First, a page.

How severe is the infection?
Most people infected will have a mild illness and recover completely in two weeks.
In an epidemiological study of 44,672 confirmed cases in China, authored by an emergency response team of epidemiologists and published by the Chinese CDC, researchers reported that about 81 percent of cases were considered mild. The researchers defined mild cases as those ranging from the slightest symptoms to mild pneumonia. None of the mild cases were fatal; all recovered.
Otherwise, about 14 percent were considered severe, which was defined as cases with difficult or labored breathing, an increased rate of breathing, and decreased blood oxygen levels. None of the severe cases were fatal; all recovered.
Nearly 5 percent of cases were considered critical. These cases included respiratory failure, septic shock, and/or multiple organ dysfunction or failure. About half of these patients died.
Finally, 257 cases (0.6 percent) lacked severity data.
The overall fatality rate in the patients examined was 2.3 percent.
- January 11: Chinese state media report the first known death from an illness originating in the Wuhan market.
- January 15: Speaker of the House Nancy Pelosi (D-CA) holds a vote to send articles of impeachment to the Senate. Pelosi and House Democrats celebrate the “solemn” occasion with a signing ceremony, using commemorative pens.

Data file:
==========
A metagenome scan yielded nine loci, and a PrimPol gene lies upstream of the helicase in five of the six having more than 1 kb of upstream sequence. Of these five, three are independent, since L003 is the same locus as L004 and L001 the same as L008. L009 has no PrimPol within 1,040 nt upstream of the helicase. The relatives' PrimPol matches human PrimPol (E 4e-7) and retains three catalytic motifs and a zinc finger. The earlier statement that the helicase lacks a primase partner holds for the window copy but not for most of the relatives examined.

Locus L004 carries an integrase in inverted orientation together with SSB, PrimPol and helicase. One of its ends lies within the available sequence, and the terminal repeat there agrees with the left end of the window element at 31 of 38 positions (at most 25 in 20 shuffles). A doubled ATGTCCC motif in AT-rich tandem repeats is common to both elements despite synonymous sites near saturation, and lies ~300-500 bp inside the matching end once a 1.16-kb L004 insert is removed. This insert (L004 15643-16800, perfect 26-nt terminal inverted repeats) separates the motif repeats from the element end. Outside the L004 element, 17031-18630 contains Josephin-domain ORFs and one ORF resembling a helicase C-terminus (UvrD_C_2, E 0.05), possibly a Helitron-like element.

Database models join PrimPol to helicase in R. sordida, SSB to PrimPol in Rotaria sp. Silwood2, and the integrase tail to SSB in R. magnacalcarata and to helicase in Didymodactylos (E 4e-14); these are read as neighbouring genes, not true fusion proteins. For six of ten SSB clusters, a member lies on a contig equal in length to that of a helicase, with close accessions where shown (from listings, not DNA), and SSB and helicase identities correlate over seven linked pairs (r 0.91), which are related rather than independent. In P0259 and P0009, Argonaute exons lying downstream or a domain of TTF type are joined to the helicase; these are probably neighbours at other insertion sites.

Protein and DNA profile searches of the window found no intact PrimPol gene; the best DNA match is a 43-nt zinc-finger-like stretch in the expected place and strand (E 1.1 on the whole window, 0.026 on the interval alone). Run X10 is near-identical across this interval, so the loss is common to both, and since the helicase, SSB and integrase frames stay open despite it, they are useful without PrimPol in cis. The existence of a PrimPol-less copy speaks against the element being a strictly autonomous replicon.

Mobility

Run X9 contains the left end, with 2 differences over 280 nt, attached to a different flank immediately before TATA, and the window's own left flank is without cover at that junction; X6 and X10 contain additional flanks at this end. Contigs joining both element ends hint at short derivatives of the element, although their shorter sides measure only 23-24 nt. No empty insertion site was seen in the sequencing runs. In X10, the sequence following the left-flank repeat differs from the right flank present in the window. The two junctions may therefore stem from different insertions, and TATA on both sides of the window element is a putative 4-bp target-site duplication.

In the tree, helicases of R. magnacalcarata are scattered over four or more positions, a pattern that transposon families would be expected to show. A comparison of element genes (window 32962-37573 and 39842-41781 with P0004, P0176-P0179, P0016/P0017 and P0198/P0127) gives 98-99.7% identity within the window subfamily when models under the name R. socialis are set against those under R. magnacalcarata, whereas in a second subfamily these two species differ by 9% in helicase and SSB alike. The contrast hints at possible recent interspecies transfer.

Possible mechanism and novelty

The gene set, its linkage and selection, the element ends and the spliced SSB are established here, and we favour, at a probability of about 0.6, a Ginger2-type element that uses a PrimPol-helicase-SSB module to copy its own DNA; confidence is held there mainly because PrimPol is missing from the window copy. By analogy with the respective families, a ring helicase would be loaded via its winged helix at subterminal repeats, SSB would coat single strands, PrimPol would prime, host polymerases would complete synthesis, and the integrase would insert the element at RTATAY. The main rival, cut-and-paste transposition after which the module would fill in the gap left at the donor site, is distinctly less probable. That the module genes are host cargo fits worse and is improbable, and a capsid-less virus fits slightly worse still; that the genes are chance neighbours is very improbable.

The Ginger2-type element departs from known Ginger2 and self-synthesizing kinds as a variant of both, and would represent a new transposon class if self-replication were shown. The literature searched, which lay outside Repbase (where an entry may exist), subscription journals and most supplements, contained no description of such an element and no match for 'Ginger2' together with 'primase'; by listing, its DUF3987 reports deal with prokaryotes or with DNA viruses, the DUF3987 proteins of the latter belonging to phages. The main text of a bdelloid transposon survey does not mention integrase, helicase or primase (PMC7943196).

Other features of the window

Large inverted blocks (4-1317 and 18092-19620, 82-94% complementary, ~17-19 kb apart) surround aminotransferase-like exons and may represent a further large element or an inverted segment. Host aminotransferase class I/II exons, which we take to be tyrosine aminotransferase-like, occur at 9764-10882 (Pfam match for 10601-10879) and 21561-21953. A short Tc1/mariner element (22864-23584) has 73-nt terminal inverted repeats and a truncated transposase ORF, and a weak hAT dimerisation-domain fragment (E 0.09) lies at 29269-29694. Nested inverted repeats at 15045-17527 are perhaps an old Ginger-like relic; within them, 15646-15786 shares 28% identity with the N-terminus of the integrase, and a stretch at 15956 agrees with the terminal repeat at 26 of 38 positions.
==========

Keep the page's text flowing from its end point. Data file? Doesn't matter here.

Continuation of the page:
- January 21: The first person with coronavirus arrives in the United States from China, where he had been in Wuhan.
- January 23: The House impeachment managers make their opening arguments for removing President Trump.
- January 23: China closes off the city of Wuhan completely to slow the spread of coronavirus to the rest of China.
- January 30: Senators begin asking two days of questions of both sides in the president’s impeachment trial.
- January 30: The World Health Organization declares a global health emergency as coronavirus continues to spread.
- January 31: The Senate holds a vote on whether to allow further witnesses and documents in the impeachment trial.
- January 31: President Trump declares a national health emergency and imposes a ban on travel to and from China. Former Vice President Joe Biden calls Trump’s decision “hysterical xenophobia … and fear-mongering.”
- February 2: The first death from coronavirus outside China is reported in the Philippines.
- February 3: House impeachment managers begin closing arguments, calling Trump a threat to national security.
- February 4: President Trump talks about coronavirus in his State of the Union address; Pelosi rips up every page.
- February 5: The Senate votes to acquit President Trump on both articles of impeachment, 52-48 and 53-47.
- February 5: House Democrats finally take up coronavirus in the House Foreign Affairs Subcommittee on Asia.
For twenty days, from the day the first death from coronavirus was known, Democrats did nothing about it. They were too busy with the president’s impeachment trial — a trial Pelosi had delayed unnecessarily for several weeks.